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Bush Is Still President; Hold Him Accountable and Demand He Confront His Mess

A growing concensus is concluding that January 20, 2009 cannot come fast enough, because we need a new President, a new Congress, a new New Deal to confront the enormous problems demanding government’s immediate attention. But we can’t change the calendar. What should we demand from our current government until then?

There’s no doubt that when it comes to facing the nation’s most serious problems, the ones Bush’s crew created, ignored or exacerbated, Bush and his team have checked out. And there’s almost zero confidence that this Administration can competently or honestly address any of the major economic challenges we face. But that’s not the point.

I’m sure the Times Gail Collins, speaking "seriously," is not alone in wishing that Bush would just resign (after getting Cheney to resign first — "we’re not crazy"). It’s time for him to go," she concludes, and we’ll figure out the details of putting the Obama Administration into power.

Tom Friedman picks up the chant, though presumably tongue in cheek:

If I had my druthers right now we would convene a special session of Congress, amend the Constitution and move up the inauguration from Jan. 20 to Thanksgiving Day. Forget the inaugural balls; we can’t afford them. Forget the grandstands; we don’t need them. Just get me a Supreme Court justice and a Bible, and let’s swear in Barack Obama right now — by choice — with the same haste we did — by necessity — with L.B.J. in the back of Air Force One.

I suspect Friedman will apologize for that last allusion, but even joking about forcing Bush/Cheney to resign is a little late, Tom. You should have said that to Nancy Pelosi two years ago.

The reality is that Bush is still President, has no intention of leaving early, and his cabal is frantically leaving land mines throughout the nation’s regulatory system as fast as they can force bad rules through what’s left of the legal process. There will be more damage done to health and safety, energy resources and environmental protection in the next 60 days than in the last two years, even as dozens of corrupt Bushies burrow into the federal civil service.

Congress should be in session without recess into January to disrupt this ideologically spent and corrupt regime’s efforts. But more than that, we should not be letting the Bush Administration or this Congress off the hook for confronting the financial and economic crises they’ve created and mostly neglected.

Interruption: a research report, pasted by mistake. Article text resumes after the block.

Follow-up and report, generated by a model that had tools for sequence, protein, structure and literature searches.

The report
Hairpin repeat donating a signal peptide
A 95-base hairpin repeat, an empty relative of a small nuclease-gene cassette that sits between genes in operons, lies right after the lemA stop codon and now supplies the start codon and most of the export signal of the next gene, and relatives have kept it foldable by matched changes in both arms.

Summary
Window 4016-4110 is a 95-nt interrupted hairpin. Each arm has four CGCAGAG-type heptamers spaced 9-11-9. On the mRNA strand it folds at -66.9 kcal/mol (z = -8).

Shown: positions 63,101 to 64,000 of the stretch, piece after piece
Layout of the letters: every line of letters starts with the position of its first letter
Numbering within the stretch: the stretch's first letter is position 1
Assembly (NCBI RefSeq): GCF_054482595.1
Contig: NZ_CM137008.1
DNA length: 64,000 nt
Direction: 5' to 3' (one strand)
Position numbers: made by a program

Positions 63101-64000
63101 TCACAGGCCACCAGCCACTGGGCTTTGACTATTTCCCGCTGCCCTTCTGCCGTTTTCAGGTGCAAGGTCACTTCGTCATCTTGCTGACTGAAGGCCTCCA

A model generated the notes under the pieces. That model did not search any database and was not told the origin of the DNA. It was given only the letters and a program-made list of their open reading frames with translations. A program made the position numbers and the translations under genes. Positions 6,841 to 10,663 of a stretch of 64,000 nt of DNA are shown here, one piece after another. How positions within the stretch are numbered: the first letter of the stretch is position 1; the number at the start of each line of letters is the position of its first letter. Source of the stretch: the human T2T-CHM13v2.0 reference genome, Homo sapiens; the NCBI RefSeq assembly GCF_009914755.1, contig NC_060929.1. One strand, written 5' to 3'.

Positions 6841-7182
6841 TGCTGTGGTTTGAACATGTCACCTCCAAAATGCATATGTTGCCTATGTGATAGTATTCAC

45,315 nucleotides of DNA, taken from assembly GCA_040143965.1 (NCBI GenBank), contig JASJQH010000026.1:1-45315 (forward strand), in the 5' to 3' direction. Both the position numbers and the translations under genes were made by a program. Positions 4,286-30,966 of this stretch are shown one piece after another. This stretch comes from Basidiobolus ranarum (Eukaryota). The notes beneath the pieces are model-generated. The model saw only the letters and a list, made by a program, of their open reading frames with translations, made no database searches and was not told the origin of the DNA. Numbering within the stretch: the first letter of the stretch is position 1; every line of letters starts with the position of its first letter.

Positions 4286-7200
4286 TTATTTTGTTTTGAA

The economy’s plight is their responsibility and dealing with its fallout, including the need to save the nation’s auto industry, is not something that can wait. Since we need a rapid stimulus to rescue cities and states to save health coverage and jobs, and Detroit needs a bridge loan to get them into next year, there’s no excuse for not doing that now.

We’ve got people losing health care, losing homes. There are viable proposals (SCHIP, Bair’s foreclosure plan, etc) to address these, or at least keep them from getting far worse, so enact them now.

And don’t tell me the Republicans will obstruct this or the President may veto anything decent. Let them try while they’re attending conferences and giving mindless interviews on CNN on how they plan to resurrect their Party’s deservedly dismal image. Why are we listening to these clowns when the nation is drowing? Congress should be forcing votes on these issues now, so that when January comes, there’s no doubt why these multiple crises remain unaddressed if Congress and President Bush fail to act.

It’s unconcionable that the media is letting these clowns pass the buck, and none of these problems will be easier to solve if allowed to fester for another two months.

We have a President; we have a Congress. We have problems that demand their immediate attention. Make them do their jobs.

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John has been writing for Firedoglake since 2006 or so, on whatever interests him. He has a law degree, worked as legal counsel and energy policy adviser for a state energy agency for 20 years and then as a consultant on electricity systems and markets. He's now retired, living in Massachusetts.

You can follow John on twitter: @JohnChandley